A/Z Theme - Sights and Sites of Arizona
W - Wrigley Mansion
Wrigley Mansion was the winter cottage for William Wrigley, Jr of the Wrigley gum fame. He built the house for a present for his wife for their 50th anniversary in the late 1920's. Sadly, he lived in the house only one year before he died. The Wrigley Family also had several other houses scattered across the country; I remember seeing one of them from the outside on Catalina Island in the Southern California area.
This is what it looks like; this is a painting of it. It has four bedrooms. Mr. Wrigley wanted it to be basically a family home, so that's why he didn't make a lot of guest rooms in it. Guests would be invited to stay at the Biltmore Hotel right below the mansion at his expense for a period of time. The four bedrooms were used one for he, one for his wife, and then the other bedroom for his son and wife, and the 4th for their children.
This piano is only one of two that were made back in the 1920's. This particular one was "ahead of its time" in that the brown box behind the piano contained songs on rolls that were able to be put into the piano so that they could have like a disk change with a remote control to change music without having to get up and physically put a new roll on. The other piano is located in the Smithsonian in Washington, DC.
This is the switchboard operator room. Not a good picture of the walls, but the walls were made out of silver wrapping from the gum. Years later, there is a touch of mint smell still in the room.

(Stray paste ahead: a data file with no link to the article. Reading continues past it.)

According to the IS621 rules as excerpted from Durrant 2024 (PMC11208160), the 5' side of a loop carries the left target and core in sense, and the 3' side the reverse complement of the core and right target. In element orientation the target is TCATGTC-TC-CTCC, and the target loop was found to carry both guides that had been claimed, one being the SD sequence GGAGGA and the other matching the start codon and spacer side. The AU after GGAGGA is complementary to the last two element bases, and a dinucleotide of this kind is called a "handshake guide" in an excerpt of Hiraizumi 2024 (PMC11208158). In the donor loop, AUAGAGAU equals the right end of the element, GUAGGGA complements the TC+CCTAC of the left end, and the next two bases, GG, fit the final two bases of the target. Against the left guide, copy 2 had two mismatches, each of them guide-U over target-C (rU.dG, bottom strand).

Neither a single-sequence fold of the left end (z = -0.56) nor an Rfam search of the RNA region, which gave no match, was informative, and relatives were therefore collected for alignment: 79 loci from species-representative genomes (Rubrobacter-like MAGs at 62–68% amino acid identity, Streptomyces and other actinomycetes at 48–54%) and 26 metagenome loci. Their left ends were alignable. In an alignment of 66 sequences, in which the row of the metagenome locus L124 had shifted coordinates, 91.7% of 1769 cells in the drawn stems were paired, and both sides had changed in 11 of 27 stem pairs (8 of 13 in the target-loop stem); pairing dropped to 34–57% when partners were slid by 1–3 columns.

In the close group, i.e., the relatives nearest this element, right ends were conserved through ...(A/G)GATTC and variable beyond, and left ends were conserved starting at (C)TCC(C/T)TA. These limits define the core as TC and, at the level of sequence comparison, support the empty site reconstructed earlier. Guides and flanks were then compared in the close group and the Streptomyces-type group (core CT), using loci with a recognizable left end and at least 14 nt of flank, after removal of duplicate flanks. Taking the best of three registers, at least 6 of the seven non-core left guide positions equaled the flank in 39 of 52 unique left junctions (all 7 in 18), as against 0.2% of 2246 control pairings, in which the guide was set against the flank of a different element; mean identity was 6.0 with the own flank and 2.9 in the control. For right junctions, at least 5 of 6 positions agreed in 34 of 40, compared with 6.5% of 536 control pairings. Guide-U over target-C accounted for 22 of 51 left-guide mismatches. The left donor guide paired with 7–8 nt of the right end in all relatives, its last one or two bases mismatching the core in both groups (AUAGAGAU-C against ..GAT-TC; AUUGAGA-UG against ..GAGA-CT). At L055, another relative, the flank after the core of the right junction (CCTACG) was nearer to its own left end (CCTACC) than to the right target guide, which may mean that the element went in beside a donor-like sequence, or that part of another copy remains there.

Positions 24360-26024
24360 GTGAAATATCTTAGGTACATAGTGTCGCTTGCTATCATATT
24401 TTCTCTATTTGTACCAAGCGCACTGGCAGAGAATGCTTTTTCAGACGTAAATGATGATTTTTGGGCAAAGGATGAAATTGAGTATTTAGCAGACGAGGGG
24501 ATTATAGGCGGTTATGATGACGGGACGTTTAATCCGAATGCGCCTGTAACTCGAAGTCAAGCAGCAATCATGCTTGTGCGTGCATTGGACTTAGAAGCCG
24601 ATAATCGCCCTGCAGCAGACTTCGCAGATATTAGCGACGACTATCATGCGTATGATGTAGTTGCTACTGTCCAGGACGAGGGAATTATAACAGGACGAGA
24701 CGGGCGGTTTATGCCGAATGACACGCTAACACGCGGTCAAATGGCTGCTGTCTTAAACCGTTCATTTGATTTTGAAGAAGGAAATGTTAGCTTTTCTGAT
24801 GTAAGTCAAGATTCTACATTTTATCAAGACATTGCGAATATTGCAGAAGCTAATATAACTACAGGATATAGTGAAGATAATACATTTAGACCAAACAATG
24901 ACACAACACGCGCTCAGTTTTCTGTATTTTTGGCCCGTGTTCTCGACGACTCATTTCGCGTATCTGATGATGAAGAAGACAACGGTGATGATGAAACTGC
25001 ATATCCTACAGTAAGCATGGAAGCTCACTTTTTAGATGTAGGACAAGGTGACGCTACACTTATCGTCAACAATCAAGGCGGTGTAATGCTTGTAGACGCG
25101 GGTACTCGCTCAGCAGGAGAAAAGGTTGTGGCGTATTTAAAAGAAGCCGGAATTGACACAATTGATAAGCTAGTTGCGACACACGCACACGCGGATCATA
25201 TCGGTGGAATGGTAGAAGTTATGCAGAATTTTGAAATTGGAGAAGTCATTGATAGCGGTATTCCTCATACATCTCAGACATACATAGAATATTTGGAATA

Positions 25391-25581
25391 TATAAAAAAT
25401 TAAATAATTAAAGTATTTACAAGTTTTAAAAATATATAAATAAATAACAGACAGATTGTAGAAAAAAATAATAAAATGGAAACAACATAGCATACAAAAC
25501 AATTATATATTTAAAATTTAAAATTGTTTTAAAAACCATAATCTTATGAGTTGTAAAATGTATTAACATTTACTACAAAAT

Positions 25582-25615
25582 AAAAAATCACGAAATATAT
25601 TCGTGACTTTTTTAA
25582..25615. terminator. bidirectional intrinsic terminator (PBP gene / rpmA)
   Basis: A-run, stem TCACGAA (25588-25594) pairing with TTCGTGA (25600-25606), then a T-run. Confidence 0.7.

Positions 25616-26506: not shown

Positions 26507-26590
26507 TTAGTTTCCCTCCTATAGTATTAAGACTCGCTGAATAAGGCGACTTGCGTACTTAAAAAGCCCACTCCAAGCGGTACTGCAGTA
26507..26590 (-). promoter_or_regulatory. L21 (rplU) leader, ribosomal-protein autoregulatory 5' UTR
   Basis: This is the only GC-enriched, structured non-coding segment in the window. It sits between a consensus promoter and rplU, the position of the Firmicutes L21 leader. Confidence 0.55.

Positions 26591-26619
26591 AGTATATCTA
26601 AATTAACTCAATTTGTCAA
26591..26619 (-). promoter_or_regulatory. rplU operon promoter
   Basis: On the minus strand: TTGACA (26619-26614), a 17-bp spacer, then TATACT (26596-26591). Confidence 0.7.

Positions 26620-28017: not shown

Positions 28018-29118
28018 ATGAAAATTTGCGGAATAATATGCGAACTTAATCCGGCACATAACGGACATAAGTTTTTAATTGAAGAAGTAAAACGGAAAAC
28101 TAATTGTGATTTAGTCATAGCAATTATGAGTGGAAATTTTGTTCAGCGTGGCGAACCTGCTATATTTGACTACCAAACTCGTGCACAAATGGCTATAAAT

The story of the owners. After the Wrigley family sold it, I'm not sure about the Talley Industries story, but when Western Savings Bank owned it, they used it a lot for executives to come and visit. I guess there was some type of scandal with the Western Savings Bank and they lost the house. The city was going to take it over and there was talk about tearing it down, but George Hormel (of Dinty Moore Stew fame) bought it and renovated it.
Staircase going upstairs.
There are 11 fireplaces in the mansion and each are of a different design.
Another example of one.
Nowadays they converted the veranda into a restaurant with both outside and inside eating. As part of the tour we took, we could sign up to have a lunch there, which we did. Very delicious food and reasonably priced.
The tour was free and you could walk around the house afterwards for as long as you wanted.
When the house was built, it was 6 miles out of the heart of Phoenix. Now it is basically in the middle of the city. It holds weddings and is a popular place to eat.
Definitely a place to visit if in the Phoenix area. My advice. Valet park. We didn't and the walk up to it was challenging with lots of steps.
Are you a gum chewer?
I'm not really; just once in awhile. I do get irritated though when I'm doing my medical transcription work and I have a doctor dictating and you can hear them chomping on their gum.